The soundtrack, which may not have gone down as a resounding success for all those who enjoyed the movie itself (certainly its more operatic elements were a bit grandiose, even for Malickian sensibilities), is nevertheless presented perfectly from across the array, dominating wherever necessary, and coming with an undercurrent of thrumming LFE usage which brings it some serious resonance. Excellent all-round perfection.
The Tree of Life Blu-ray ExtrasAround the time of its first Blu-ray release, Malick teased an extended version of his Big Bang sequence (which since gestated into the reportedly 'unrelated' - if you can believe that - Voyage of Time experimental documentary) but he also talked up an utterly ridiculous six hour cut of The Tree of Life, which has more reasonably morphed into this three hour extended cut, available on the second disc of Criterion's exquisite Blu-ray release.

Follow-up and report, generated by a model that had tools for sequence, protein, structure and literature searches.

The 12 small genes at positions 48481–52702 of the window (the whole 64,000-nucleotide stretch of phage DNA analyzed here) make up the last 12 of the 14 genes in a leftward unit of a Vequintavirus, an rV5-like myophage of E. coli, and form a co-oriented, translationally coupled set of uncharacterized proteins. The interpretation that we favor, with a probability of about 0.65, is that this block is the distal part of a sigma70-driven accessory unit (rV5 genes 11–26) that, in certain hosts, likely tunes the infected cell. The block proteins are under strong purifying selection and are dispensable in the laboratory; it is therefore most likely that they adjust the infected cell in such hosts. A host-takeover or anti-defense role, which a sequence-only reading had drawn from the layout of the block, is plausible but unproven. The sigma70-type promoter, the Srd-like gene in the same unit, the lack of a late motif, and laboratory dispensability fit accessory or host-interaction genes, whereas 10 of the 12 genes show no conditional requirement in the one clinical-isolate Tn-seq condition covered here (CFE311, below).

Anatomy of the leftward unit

Noted to feature 'over 50 minutes' of new footage, the new Extended Cut isn't a whole new experience, but it is arguably a better way to experience the film, organically building upon the foundation to provide a more expansive journey - expanding Sean Penn's somewhat underdeveloped character through brief flashbacks, spending a bit more time in the childhood experiences, and with the interstitial universe-forming sequences (as well as in some odd vintage black and white train footage and 70s club footage) and affording Pitt a more rounded character too. The Tree of Life's 139 minute theatrical duration always felt a little short for a Malick film, and whilst this is hardly a six hour cut (although who would actually want that?) it's a more complete Malick experience for fans who want precisely that.